I recommend this book for everyone. In 2014 I bought a copy and gave it to each of my three girls who never did anything with it. That’s not a criticism, because in 2014 I started reading it and thinking, I don’t have time to devote 13 weeks to this.

Three years later, that’s exactly what I am doing. I don’t peek into the coming week’s lesson. I review those of the past. I re-read my Basic Principles, and The Affirmations I need to hear. I also read An Artist’s Prayer every couple of days to help keep my mind fresh and healing.

Writing Deadline

I have a third of fourth draft I’m working to revise of my book, The Voodoo Hill Explorer Club. A revision of it must be ready for submission to the head of The Writer’s Path Program at SMU on Aug. 1. The first 15 pages are going to be judged and determined whether or those those of us who submit should be selected to go to New York in November to meet with publishers and agents who work or represent the Big Five.

In the meantime, I’m struggling to not self-sabotage this effort. But it’s hard. I’m finding plenty of excuses to not write. I need to go for a walk. Three miles and an hour’s time. But while I’m walking I’m thinking about the book. And a dozen other things. The garbage needs to be taken out. The floors haven’t been vacuumed in several days. Oh gosh, there’s dust on this computer. Oh my, look, it’s about to thunderstorm. What’s being said that’s dumb on Twitter? How about Facebook? What did Simon Cade or Matt W post in their video feeds about filmmaking today? What’s Hazel Hays up to? What’s in my Mail inbox? Julia Cameron says I need to throw some old clothes out. What can I really do with this closet? Ah, yes, what am I going to eat for….

Chapter Seven

This week Julia Cameron affirms that my story is written. I just need to get it down on paper. Or into Scrivener so I can push it out of Word. I need to think of the writing process as being lowered down via a well into an sub-dermal layer of consciousness. She says writers, creatives, should not be trying to think things up. Then you’re reaching for something that’s out of reach. Visualize being lowered down into that river and the words are floating past. It’s my job to offer them rescue. To gather them into the boat and then put them in the right order onto my pages.

That is a much easier way to see writing. It seems to be working today. Today.

The teacher in the CREATIVE network on Apple TV says that we should schedule time on our calendar for writing and then adhere to the calendar.

I’m going to do a little of both. But it’s not easy. I keep trying to find a way to not sit here. To be elsewhere. And yet to retrain my brain to stay fastened to the chair.

I will say that the extracurricular things I am doing are not all bad. Yes, they are excuses, but they’re also allowing my brain to play. And Cameron also says that a playful mind is the most creative one of all.

I hope she’s right. There are only 56 days left until submission and I have 56 scenes in my work at present…..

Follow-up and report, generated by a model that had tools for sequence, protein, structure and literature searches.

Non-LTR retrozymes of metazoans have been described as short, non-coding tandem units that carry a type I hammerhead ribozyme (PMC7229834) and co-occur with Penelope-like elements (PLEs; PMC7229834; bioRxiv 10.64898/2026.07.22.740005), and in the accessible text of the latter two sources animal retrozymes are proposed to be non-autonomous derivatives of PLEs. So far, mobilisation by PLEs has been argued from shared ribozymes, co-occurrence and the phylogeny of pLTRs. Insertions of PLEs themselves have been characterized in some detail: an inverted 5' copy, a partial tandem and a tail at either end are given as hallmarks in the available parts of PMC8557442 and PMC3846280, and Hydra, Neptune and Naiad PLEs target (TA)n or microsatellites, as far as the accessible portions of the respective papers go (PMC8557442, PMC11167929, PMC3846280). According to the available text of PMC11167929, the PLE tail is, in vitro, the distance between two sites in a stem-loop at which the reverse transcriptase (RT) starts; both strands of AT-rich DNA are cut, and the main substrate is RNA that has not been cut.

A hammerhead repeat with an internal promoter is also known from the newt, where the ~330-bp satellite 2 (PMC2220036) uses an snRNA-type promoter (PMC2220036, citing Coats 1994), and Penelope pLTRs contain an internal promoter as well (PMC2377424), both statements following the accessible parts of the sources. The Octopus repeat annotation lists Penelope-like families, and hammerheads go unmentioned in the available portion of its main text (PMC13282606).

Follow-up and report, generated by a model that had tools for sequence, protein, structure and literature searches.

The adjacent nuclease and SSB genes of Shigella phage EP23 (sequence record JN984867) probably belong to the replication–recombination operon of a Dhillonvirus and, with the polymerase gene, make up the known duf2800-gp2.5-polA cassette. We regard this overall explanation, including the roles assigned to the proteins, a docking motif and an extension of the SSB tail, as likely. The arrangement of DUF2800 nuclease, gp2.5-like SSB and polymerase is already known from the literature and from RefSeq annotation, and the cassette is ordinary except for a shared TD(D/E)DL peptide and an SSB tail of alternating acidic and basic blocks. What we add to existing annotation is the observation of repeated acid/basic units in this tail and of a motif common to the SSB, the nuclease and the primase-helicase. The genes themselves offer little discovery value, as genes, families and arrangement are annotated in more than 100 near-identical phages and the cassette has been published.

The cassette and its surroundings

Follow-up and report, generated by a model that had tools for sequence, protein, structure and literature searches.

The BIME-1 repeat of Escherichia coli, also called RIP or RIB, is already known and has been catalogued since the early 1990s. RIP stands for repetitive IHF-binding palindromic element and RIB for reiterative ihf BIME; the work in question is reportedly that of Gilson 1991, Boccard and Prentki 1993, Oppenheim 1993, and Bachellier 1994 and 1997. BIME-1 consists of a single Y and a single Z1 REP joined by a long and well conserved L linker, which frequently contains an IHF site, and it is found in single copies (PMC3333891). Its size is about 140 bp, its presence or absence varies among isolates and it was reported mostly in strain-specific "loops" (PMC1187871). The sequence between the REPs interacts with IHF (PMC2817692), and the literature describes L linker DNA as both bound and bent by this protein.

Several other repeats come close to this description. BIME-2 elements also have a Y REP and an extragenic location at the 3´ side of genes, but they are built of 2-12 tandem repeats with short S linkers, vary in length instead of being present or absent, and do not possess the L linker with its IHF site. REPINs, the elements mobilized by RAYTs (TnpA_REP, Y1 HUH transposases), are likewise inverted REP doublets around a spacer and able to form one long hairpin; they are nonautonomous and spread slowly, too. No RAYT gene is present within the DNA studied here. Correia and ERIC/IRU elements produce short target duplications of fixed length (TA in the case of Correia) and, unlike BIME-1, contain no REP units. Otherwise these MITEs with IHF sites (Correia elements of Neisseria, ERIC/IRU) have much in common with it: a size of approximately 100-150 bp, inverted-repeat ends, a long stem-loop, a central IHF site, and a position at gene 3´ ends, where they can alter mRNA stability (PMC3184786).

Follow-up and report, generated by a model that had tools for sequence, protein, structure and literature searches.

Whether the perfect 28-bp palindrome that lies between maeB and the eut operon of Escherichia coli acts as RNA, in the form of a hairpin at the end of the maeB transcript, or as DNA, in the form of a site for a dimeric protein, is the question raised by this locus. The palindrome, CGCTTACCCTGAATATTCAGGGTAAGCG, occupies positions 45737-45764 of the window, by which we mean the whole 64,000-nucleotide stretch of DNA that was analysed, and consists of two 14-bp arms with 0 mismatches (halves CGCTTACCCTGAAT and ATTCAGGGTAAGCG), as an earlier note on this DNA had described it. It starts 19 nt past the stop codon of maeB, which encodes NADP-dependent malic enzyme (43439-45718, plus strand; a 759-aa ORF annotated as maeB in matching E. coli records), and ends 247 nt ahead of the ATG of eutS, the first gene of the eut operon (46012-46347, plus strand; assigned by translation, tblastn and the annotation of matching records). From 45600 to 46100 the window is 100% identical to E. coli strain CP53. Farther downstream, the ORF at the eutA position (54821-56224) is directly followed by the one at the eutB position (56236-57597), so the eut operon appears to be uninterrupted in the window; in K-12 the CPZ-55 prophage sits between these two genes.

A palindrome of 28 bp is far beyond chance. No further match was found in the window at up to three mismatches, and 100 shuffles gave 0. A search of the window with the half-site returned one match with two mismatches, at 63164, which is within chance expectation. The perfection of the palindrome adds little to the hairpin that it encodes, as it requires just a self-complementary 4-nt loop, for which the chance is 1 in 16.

And that’s how an extra blog post gets written, too…. 🙂

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Subjunctive Text–The English Answer to a Lack of Emotion

Apr 25, 2017 by

Subjunctive Text–The English Answer to a Lack of Emotion

Saturday in Montgomery, Alabama, famed novelist Rita Mae Brown spoke during a workshop at the Alabama Book Festival about the hole in the English language caused by our vocabulary lacking the adequate words to “articulate emotion.” She says Subjunctive Text is English’s answer to our language problem.

Rita Mae Brown at the Alabama Book Festival April 22, 2017.

I had expected a lecture on how to get published as a writer and got 50 minutes of mind-bending perspective on the tools we writers have–think of a mechanic with a red Craftsman box.

We have a “warriors’ language,” she said. It’s not equipped to describe emotions. At least not like Spanish or French.

Thankfully, Ms. Brown says we have an answer to this problem–the subjunctive text–what is imagined, wished or possible.

Her challenge to all writers: “Can you put the truth on the page?”

Hmmm.

The Close Your Eyes In A Restaurant Test

Ms. Brown offered writers a great tool about observation. “Go to a restaurant, close your eyes, and then listen to the falsity in what you hear,” she said. “You’ll hear people change their voice, derogatorily, to talk to children. You’ll hear the fake laugh of conversation. You’ll be amazed at the anxiety of social situations,” that you can hear by sitting there with your eyes closed.

She said men drop their voices a half octave to talk to women they’re interested in wooing. “It’s natural, like the male pigeon fanning his feathers, he can’t help it.” Women, she said, raise their voice, look upward, and raise their hands to gesture.

“Listen to the pauses and how people breathe when they talk. See how many of them talk from their diaphragm and mean what they’re saying.”

Governments and Passive Voice

Ms. Brown talked about the use of active and passive voice, saying men use active voice a lot, and governments use passive voice to cover their tracks. “Bombs went off earlier today,” she said. “That doesn’t tell you anything about who made that order, who set them off, who got bombed, or even the time it happened. Government makes use of passive voice to cover its tracks. Never forget that “language can be used to conceal as well as reveal.” 

Dramatic Epiphanies